facial nerveMuscle twitching in your forehead would likely be related to activity of the facial nerve (cranial nerve VII). During the procedure, it sounds like your doctor performed an anesthetic “block” of the supratrochlear and supraorbital branches of the trigeminal nerve (cranial nerve V). These nerves exit the skull directly above the midline of the eyebrow. The temporal branch of the facial nerve, which controls the muscles in the forehead (and would likely cause the spasm), is a bit deeper and further lateral compared to the trigeminal injection site. This means it would be difficult to accidentally inject or damage this nerve during the anesthetic block.

The other concern could be nerve issues during the strip extraction process of a Follicular Unit Strip Surgery (FUSS) procedure. However, the facial nerve exits the skull near the bottom of the ear, and this position makes it unlikely to be damaged during the strip extraction process.

This question comes from a member of our hair loss social community and discussion forums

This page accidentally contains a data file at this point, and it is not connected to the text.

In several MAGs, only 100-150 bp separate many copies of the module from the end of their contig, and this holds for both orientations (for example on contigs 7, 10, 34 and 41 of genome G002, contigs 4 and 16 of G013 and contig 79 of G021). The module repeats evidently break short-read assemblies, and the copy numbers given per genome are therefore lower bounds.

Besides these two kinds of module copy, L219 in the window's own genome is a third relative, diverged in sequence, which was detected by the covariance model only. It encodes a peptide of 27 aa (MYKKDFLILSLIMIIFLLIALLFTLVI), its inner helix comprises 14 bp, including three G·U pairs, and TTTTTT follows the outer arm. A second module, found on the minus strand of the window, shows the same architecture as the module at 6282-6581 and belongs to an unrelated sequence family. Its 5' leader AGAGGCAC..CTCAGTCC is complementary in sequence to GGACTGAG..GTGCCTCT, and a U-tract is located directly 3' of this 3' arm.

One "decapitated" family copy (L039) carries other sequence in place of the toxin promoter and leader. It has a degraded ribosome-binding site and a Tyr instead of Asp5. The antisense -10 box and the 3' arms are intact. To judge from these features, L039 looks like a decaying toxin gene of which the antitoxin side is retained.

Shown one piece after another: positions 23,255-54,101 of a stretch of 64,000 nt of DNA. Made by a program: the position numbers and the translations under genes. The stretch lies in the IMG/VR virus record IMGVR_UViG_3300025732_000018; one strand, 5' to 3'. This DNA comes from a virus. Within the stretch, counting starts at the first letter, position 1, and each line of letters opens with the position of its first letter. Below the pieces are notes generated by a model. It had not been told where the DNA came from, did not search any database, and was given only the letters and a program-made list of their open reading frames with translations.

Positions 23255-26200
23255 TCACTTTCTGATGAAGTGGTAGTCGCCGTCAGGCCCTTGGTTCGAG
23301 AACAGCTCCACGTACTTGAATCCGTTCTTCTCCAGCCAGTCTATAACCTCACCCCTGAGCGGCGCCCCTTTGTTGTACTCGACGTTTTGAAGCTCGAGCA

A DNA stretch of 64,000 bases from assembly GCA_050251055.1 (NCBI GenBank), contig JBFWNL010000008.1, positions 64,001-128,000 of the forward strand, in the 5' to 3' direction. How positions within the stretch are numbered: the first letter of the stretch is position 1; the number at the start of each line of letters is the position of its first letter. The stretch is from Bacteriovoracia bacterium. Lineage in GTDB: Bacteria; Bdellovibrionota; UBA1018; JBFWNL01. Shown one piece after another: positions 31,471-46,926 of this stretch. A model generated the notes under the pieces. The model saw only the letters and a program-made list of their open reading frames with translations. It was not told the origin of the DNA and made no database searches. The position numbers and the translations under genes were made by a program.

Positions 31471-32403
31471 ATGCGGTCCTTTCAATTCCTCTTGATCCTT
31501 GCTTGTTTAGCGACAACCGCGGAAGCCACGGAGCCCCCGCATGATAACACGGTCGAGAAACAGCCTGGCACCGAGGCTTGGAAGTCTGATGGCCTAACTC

I recently underwent hair transplant surgery, and need to return to work. Part of my job requires me to wear a hat. I spoke with my hair restoration physician and he said I could wear a hat after the grafts were fully anchored. How long does it take for the grafts to anchor and become permanent? Can I wear a hat after hair transplant surgery?

bad hatIt takes approximately 7 to 10 days for the newly implanted follicular unit grafts to fully “anchor” and become permanent. Before this time, manipulation or compression of the grafts may cause permanent damage and affect growth. Due to this fact, most hair transplant surgeons recommend waiting 7-10 days before wearing any type of cap that could compress, move, or dislodge a graft.

After the 7 – 10 day mark, the grafts should be permanently connected; at this point, no amount of manipulation should cause any damage. Wearing a hat after this period should be perfectly safe. It is, however, important to discuss issues like this with your hair restoration physician. Many doctors have specific rules about activity post-surgery, and it is important to follow these closely.